The Sanja Matsuri, Tokyo's biggest and best traditional festival, is taking place from May 19 to 21 this year. Here's our quick guide to making the most of the over 700-year-old celebration, which draws well over a million visitors to Asakusa annually.
Friday – from 1pm
The festival kicks off at noon on Friday, when traditional musicians and other performers make their way through the neighbourhood as part of the daigyoretsu (literally 'big parade').
Departing from the Asakusa Kumiai building on the north side of Sensoji Temple at 1pm, the parade makes its way down Umamichi-dori and towards the Kaminarimon, where the colourful procession enters the Nakamise shopping arcade before finishing at Asakusa Shrine. The day's ceremonies end at 2.30pm, as dancers show off their moves to the tunes of the binsazara (a wooden percussion instrument) at the shrine.
Note that the parade gets called off in case of rain. The full route can be viewed in PDF form here (in Japanese only).
Saturday – from noon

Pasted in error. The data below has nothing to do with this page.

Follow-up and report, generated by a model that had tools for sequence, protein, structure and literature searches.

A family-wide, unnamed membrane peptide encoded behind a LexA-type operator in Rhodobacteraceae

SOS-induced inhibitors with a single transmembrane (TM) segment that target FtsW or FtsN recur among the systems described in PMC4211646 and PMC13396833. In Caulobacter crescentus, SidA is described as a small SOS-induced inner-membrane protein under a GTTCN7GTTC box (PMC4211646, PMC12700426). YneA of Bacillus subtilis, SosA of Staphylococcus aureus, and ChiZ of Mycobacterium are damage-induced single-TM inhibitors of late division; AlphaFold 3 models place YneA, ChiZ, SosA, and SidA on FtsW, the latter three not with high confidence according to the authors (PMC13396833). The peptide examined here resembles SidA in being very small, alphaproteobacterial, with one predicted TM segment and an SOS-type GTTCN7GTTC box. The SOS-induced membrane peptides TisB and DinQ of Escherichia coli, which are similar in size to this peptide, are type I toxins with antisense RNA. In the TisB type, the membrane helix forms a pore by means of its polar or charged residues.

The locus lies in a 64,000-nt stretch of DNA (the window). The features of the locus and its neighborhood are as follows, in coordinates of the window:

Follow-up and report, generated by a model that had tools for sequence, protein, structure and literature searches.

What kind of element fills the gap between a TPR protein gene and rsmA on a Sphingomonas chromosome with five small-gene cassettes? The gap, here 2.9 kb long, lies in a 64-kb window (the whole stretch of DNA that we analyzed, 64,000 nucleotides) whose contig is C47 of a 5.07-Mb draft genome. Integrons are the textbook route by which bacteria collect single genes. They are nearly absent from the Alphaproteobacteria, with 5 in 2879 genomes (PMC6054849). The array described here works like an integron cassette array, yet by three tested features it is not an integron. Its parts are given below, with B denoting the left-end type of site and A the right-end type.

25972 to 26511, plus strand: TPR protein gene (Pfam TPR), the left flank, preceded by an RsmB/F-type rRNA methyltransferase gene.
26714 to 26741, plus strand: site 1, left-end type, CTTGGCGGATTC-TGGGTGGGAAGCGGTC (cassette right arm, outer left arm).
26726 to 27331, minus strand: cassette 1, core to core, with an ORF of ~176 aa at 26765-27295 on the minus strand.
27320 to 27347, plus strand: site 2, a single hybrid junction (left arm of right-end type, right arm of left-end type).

The Sanja Matsuri is famed for its mikoshi (portable shrines), which make an entrance from Day 2. On Saturday, representatives from Asakusa's 44 neighbourhood associations gather at Asakusa Shrine before taking to the streets with a total of 100 mini-shrines of all shapes and sizes. There's no comprehensive list of routes and times for these, so just head to central Asakusa on the day and you're sure to encounter plenty of loud and energetic mikoshi troupes.
Sunday – 7.30am to 8pm
The highlight of the festival comes on Sunday, when Asakusa Shrine's three enormous mikoshi are taken for a tour of the neighbourhood. The action starts at 6am with the miyadashi ceremony, while the mikoshi are usually ferried through the shrine gates at around 7.30am.
Shuttled down the streets by sturdy men and women from the aforementioned neighbourhood associations, the sacred monsters are as heavy as they look – a fact that only adds to the spectacle and often leads to both close calls and heated exchanges among the carriers. The mikoshi return to Asakusa Shrine between 7pm and 8pm, but note that the ending ceremony is not open to the public.
・All of Asakusa gets crowded during the Sanja Matsuri, but the strip between the Kaminarimon and Asakusa Shrine tends to get absolutely stuffed.
・The mikoshi look especially pretty at night – and the temperatures are more manageable after dark, too.
・Restaurants and cafés in the area also get massively crowded, so you might want to fill up away from Asakusa or grab a sandwich at the konbini before heading over.
・Whatever you do, don't try to get to Asakusa by car during the weekend.
・For the full schedule and list of ceremonies, see the official Sanja Matsuri website (in Japanese only).